“Bernice Lerner’s intelligent and perceptive book delves into the lives of survivors, and explores their anguish as well as their hope. Readers will find in it elements that may bring them closer to ineffable experiences.” —Elie Wiesel, Nobel Peace Prize Laureate
“Bernice Lerner has written of extraordinary people whose professional achievements have brought them to prominence. Their personal life stories would be interesting. The fact that all were children survivors of the Holocaust makes their stories even more fascinating. To have begun where they began, to have come to this country as immigrants needing not only to learn a new language but to make up for years lost, education denied, trust destroyed, and to have come so far and done so much makes their achievements all the more impressive. One reads her book with anguish and with joy, with tears and with laughter, and one only catches a glimpse of what the world lost in the murder of more than one million children three score years ago.” —Michael Berenbaum, author of The World Must Know
“As a child psychiatrist, I was completely immersed in every page of this well written and compelling manuscript, which poses enormous questions about survival and meaning—how the young endure (and even prevail) under the most awful of circumstances. . . . This book will be regarded, too, as a milestone in the history of documentary work—storytelling (and listening) put on record carefully, movingly: the triumph of honorable intelligence, as it grew and grew in lives once threatened by murderous malevolence.” —Robert Coles, Pulitzer Prize Winner
The Triumph of Wounded Souls vividly recounts the stories of seven Holocaust survivors who overcame many obstacles to earn advanced degrees and become college and university professors. As Jews trapped in Nazi-occupied Europe from 1939 to 1945, these remarkable individuals witnessed and endured terror and torture. After the war they pursued academic subjects that increased their understanding of the world and gave them a sense of purpose. Their inspirational accounts demonstrate that despite the worst of circumstances it is possible to heal with time.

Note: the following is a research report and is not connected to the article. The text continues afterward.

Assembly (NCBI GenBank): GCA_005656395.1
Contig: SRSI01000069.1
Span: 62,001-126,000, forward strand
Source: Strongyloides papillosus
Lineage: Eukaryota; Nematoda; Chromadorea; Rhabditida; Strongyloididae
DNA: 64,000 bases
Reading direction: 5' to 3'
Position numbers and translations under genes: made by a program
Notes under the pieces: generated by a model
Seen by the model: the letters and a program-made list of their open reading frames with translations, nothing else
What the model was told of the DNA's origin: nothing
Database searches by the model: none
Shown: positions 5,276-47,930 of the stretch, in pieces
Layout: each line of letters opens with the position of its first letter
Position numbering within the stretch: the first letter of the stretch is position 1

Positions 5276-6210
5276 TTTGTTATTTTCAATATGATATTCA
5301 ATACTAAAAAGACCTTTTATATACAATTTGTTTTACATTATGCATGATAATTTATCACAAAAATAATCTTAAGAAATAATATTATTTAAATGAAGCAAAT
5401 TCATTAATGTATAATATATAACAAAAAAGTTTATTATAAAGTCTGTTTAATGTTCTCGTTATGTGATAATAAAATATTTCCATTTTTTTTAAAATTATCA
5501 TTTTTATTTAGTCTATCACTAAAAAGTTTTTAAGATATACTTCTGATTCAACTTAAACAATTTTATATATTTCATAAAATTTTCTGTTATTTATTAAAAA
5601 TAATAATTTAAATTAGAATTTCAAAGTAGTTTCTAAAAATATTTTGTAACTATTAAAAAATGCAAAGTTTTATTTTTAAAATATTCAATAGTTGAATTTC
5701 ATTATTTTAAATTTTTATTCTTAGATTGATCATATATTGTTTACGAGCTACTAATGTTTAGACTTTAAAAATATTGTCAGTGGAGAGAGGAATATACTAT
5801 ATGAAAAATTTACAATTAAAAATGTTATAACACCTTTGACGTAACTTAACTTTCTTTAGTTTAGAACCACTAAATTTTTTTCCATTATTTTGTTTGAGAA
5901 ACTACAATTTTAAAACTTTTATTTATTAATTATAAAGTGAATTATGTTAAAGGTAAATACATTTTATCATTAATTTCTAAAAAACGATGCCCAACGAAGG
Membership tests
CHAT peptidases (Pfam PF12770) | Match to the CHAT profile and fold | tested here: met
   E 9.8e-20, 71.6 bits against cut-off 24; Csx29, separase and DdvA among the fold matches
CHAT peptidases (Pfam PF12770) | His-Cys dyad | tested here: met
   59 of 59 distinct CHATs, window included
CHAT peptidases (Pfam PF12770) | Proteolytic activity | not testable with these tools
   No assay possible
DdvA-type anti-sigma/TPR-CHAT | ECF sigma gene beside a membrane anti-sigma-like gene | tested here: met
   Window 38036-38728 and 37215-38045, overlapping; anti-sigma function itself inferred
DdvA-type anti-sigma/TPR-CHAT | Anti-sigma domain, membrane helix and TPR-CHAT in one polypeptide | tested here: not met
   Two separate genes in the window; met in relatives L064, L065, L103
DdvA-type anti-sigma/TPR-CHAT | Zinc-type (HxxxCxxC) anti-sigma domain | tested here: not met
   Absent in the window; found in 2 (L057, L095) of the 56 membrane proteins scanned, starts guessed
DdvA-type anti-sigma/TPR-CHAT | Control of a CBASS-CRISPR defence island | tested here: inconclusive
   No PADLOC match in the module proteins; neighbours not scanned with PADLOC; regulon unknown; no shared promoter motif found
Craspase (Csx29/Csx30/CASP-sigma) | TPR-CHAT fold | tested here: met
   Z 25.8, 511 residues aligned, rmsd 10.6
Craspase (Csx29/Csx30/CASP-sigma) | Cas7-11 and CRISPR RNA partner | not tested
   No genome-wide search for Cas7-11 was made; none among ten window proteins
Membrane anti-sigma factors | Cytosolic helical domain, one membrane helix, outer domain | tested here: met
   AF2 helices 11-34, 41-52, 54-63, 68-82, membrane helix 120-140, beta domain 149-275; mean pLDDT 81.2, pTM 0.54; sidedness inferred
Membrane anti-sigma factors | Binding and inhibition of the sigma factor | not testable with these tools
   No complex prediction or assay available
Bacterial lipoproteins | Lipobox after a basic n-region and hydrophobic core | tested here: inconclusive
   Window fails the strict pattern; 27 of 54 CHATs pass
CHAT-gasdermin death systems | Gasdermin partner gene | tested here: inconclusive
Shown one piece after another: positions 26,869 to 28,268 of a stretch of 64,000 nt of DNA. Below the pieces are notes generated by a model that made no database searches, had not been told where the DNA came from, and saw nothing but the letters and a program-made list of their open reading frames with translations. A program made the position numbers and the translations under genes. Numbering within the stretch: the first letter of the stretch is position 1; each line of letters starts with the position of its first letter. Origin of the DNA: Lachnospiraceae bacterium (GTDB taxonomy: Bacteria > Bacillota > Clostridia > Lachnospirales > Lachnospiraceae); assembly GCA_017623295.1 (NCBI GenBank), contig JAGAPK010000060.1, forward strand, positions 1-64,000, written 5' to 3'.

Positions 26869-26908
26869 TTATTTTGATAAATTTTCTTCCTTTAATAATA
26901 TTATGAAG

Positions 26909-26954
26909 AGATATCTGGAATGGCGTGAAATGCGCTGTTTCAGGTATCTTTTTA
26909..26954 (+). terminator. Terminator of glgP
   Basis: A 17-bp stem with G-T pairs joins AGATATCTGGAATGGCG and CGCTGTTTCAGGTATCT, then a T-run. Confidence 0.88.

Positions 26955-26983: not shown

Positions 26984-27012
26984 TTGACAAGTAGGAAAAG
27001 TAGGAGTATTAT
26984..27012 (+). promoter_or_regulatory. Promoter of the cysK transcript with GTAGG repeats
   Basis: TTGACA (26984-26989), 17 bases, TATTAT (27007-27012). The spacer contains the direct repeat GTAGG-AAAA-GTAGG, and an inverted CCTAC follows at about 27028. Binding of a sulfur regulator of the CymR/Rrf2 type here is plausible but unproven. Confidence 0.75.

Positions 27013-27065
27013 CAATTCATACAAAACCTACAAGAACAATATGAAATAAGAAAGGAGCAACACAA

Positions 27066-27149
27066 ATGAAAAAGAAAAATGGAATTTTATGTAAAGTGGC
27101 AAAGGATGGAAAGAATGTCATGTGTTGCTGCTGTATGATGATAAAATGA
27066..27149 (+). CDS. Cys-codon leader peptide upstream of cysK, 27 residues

Each narrative chapter describes the social background and circumstances that helped to shape the survivor’s destiny. Lerner’s interrogative approach unearths surprising insights into each survivor’s distinct personality, beliefs, and aspirations. Isaac Bash and George Zimmerman both survived the horrors of Auschwitz to become physicists. Ruth Anna Putnam, a philosopher, endured the war in hiding with her non-Jewish grandparents. Samuel Stern, a biologist, spent his early childhood in Ravensbruck and Bergen-Belsen. Zvi Griliches survived a Dachau subsidiary camp to become a prominent economist. Maurice Vanderpol became a psychiatrist after spending years during the war hiding in Amsterdam. Micheline Federman was sheltered by French farmers and later became a pathologist.
While each survivor’s postwar journey is complex and unique, these seven scholars reveal that the contemplative life can serve as a salve for wounded souls. They are extraordinary examples of how those who act justly and purposefully can help to bring reconciliation and meaning to an unjust world. In sharing their personal stories, they illuminate the realm of human possibility.
“This is a valuable addition to the literature of the Holocaust, offering a coherent narrative of persecution and survival.” — Booklist
“Lerner’s tremendous contribution to the ever-expanding field of Holocaust literature begins with her unusual thesis and selection of people to interview. Through the telling and analysis of all of their stories of tenacity and humanity, The Triumph of Wounded Souls is a window into unfathomable experiences and ultimately a well of hope.” — The Jewish Advocate
“This remarkable volume shows how culture and tradition can assert themselves in the face of destruction, and how those affected by a great trauma can nevertheless devote their lives to improving humanity.” — The University Bookman